Here is a butterfly on a flower.
When your mind wanders, where does it go? At our retreat today, we had a wellness helper/expert visit and teach us yoga exercises we could do at our desks at work. It was actually pretty cool. I've never really been super interested in yoga before. It just seemed like for a while there, everyone was doing it and since I have to be difficult, that meant I couldn't. Plus, there's all that sitting still that I have a really hard time with.
Here is some fungus on a tree.
The woman who coached us told us to concentrate on our breathing and try to clear our heads of all thoughts. The breathing part reminded me of when I used to be a patient advocate helping people get through procedures that doctors liked to describe as uncomfortable, but most patients thought were just plain painful. I always tried to get them to work on their breathing too. "Take long deep breaths. In through your nose and out through your mouth...."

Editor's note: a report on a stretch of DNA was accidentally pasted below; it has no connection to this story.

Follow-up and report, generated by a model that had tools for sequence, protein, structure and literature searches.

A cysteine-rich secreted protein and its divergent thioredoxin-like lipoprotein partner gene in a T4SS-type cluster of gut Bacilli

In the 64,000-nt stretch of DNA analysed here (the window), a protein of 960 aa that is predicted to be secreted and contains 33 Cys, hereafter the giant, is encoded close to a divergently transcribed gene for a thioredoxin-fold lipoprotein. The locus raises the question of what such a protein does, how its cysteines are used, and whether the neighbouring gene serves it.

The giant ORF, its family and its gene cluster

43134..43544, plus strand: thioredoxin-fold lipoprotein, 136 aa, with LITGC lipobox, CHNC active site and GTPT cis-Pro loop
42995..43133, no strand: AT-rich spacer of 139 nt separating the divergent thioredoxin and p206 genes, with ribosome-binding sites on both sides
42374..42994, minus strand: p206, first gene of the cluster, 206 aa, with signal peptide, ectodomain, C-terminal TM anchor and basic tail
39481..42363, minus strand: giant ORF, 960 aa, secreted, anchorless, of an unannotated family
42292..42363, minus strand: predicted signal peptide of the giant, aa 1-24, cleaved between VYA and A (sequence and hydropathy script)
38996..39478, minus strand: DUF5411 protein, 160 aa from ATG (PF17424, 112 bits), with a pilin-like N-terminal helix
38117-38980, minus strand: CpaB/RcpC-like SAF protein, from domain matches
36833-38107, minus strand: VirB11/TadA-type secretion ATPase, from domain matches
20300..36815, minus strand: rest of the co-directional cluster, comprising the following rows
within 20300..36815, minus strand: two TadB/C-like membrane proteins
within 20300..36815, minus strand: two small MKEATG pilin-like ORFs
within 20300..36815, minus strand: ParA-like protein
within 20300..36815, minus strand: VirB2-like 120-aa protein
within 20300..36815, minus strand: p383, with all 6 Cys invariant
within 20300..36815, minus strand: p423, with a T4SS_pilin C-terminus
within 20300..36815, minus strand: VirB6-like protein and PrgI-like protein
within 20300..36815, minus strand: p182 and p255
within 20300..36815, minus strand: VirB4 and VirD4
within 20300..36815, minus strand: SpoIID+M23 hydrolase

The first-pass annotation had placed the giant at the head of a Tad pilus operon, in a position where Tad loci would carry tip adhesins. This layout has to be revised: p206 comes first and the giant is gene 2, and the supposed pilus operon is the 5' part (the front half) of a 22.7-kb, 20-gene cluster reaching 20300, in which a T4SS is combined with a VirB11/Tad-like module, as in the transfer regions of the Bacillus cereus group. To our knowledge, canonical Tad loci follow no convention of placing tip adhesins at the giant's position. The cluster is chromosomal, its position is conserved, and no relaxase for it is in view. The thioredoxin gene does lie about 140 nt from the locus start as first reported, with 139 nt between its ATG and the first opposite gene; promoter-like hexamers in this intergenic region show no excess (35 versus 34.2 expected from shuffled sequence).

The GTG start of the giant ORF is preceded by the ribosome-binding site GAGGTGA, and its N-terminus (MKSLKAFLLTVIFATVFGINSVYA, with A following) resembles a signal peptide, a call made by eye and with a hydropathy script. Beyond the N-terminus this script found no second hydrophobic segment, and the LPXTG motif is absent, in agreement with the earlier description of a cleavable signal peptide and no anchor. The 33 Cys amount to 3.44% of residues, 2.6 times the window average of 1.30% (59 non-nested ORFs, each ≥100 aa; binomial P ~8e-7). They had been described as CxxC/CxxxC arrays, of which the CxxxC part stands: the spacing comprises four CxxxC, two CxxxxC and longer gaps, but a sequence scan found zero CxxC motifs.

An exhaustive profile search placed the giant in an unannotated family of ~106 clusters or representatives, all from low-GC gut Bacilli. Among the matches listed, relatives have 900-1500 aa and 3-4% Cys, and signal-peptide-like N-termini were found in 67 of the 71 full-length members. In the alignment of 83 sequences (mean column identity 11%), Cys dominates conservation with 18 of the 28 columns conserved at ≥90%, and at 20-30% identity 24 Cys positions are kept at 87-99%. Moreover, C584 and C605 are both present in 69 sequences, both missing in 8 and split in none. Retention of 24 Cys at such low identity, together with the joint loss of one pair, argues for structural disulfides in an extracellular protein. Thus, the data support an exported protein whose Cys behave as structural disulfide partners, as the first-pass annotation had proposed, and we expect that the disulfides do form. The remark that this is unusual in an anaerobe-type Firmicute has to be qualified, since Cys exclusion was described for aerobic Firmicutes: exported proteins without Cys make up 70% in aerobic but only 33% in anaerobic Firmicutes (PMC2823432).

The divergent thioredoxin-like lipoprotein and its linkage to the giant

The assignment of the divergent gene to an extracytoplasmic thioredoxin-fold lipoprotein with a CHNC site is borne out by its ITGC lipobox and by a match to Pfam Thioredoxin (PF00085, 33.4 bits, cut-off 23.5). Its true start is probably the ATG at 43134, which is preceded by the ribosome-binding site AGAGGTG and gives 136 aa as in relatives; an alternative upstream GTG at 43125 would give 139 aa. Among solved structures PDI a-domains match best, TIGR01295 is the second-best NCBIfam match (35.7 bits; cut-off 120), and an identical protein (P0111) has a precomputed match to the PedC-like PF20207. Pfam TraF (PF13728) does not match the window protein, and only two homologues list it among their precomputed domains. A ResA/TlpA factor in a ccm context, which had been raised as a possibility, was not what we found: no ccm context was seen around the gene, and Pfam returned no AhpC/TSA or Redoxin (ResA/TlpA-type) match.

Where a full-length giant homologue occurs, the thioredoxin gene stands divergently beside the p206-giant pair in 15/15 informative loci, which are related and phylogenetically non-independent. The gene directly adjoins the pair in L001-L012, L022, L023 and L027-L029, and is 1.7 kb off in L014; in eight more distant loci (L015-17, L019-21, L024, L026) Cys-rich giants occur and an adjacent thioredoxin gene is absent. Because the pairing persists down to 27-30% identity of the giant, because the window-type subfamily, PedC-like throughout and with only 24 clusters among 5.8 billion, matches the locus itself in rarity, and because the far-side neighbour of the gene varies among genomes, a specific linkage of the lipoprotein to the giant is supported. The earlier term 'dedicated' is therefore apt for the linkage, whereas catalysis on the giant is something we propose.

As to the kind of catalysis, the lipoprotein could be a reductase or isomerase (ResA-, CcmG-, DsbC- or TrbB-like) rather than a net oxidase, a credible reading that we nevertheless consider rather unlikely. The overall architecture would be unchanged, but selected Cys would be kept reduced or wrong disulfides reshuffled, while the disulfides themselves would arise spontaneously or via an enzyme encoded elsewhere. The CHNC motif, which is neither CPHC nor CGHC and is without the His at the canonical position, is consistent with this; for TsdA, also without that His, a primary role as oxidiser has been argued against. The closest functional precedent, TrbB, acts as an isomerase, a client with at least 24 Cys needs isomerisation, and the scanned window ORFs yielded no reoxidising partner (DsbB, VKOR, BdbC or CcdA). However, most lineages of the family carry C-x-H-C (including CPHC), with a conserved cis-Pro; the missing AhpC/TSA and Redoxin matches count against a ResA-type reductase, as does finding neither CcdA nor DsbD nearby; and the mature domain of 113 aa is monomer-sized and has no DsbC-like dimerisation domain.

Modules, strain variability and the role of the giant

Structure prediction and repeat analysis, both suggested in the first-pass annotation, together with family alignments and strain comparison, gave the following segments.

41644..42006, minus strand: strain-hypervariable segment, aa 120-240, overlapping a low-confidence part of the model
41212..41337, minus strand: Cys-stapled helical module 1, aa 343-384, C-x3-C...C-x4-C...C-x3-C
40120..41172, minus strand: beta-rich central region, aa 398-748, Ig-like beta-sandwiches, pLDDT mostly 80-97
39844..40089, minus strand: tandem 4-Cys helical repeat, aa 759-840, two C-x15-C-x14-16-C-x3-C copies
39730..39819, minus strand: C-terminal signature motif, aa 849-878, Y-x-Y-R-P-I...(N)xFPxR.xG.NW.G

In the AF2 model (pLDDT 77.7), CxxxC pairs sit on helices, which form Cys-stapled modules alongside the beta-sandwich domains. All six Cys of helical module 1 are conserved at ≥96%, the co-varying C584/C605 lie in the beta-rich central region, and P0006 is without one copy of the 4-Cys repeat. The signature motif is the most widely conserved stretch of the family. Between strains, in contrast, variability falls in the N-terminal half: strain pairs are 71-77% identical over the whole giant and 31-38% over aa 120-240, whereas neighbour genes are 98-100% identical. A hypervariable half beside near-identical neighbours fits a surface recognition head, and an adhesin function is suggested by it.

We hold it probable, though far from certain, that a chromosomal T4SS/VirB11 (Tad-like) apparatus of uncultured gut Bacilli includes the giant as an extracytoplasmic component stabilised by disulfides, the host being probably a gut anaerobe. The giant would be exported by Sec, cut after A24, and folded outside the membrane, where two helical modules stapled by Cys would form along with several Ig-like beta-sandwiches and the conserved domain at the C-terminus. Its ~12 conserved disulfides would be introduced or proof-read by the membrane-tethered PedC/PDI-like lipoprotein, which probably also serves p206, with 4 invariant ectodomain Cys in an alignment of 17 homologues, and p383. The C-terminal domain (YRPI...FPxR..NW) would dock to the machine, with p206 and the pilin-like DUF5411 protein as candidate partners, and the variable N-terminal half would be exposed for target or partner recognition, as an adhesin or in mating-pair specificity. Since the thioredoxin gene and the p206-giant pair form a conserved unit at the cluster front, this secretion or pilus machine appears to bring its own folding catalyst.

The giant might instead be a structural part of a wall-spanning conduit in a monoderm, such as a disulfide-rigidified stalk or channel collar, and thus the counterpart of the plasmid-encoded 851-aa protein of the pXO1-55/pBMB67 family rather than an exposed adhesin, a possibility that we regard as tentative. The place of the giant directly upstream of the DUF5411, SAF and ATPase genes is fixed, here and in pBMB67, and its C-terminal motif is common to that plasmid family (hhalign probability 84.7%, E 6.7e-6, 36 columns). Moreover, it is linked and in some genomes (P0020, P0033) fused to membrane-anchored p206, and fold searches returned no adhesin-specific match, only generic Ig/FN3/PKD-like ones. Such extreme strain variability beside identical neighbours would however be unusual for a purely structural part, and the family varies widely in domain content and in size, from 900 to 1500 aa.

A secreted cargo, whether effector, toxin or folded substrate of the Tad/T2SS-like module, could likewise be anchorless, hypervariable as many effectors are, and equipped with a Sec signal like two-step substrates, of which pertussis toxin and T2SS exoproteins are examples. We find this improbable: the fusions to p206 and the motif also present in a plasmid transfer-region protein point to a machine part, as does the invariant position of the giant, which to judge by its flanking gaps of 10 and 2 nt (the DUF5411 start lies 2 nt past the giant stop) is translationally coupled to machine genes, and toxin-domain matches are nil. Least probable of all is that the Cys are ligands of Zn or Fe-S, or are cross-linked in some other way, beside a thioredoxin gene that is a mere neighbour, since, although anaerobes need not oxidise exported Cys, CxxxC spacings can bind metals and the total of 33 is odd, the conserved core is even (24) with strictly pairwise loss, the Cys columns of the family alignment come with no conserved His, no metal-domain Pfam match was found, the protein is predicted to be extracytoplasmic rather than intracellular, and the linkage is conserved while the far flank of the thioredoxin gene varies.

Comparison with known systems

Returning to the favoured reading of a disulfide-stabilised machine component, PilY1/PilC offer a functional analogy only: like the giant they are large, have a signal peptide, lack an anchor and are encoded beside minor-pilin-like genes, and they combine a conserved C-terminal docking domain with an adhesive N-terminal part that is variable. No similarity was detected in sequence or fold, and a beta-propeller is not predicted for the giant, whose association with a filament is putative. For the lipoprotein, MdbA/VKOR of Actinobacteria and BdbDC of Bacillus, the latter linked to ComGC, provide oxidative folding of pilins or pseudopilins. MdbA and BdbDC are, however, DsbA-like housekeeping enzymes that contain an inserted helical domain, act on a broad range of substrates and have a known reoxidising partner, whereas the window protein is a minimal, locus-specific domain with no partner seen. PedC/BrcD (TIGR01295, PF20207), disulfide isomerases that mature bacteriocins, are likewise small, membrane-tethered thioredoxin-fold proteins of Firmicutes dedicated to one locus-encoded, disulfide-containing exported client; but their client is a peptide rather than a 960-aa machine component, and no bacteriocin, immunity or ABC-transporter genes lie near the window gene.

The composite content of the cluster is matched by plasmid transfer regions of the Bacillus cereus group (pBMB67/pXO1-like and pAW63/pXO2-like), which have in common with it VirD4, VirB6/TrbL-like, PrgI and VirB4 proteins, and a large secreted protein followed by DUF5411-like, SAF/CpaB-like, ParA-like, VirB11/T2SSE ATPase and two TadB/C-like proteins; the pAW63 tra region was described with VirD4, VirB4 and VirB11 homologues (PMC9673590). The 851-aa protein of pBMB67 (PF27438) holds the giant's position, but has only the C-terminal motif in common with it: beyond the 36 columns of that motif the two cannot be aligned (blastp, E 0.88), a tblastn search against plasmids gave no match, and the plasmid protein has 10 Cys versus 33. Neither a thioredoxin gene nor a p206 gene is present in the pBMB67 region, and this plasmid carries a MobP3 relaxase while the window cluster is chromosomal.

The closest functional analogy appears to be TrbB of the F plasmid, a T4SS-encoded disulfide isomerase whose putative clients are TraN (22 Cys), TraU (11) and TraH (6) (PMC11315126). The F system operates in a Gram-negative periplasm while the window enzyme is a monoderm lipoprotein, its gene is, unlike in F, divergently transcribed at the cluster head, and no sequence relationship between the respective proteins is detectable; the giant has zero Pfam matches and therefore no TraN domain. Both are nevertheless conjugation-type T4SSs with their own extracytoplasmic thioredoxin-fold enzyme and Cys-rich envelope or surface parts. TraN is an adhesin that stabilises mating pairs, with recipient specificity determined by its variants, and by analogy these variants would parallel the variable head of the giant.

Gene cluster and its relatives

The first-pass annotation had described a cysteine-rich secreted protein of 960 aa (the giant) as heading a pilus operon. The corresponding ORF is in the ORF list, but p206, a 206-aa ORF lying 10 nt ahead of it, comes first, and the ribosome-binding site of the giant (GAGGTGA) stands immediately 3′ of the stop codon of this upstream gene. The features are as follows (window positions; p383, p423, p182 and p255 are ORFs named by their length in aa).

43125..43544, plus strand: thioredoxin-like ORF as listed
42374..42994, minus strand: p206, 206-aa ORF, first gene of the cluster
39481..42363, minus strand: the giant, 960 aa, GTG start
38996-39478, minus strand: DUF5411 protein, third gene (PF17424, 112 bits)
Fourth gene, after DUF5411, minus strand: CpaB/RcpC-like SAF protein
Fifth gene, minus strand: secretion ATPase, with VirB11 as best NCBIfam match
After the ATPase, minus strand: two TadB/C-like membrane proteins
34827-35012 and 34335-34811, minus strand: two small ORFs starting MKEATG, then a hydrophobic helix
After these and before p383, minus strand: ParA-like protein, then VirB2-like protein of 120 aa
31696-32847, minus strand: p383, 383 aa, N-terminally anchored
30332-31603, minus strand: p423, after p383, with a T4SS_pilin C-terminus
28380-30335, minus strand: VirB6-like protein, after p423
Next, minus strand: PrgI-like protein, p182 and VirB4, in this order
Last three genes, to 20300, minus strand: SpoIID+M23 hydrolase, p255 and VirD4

I used the same technique on Coadster when she was younger and would get too tired or have a meltdown, just to calm her down. One time when she was feeling particularly stubborn she told me, "No. I'm not going to do it. I'm not breathing anymore!" I had to hide my face in my sleeve so she wouldn't see me laughing.
Shit. All those memories weren't helping me clear my mind. If there was only an off switch for my brain, I would be the happiest girl alive. When I really tried, the closest I could get was to think about running. It doesn't happen all the time, but once in a while when the weather is nice, and there's a light breeze against me and I've run long enough for my endorphins to kick in, I get to a place where I can't feel even the slightest pain, and I have a hard time remembering where I am exactly (even though I run almost the same route every day). My mind isn't completely clear, but it's as close to an off switch as I'll ever get.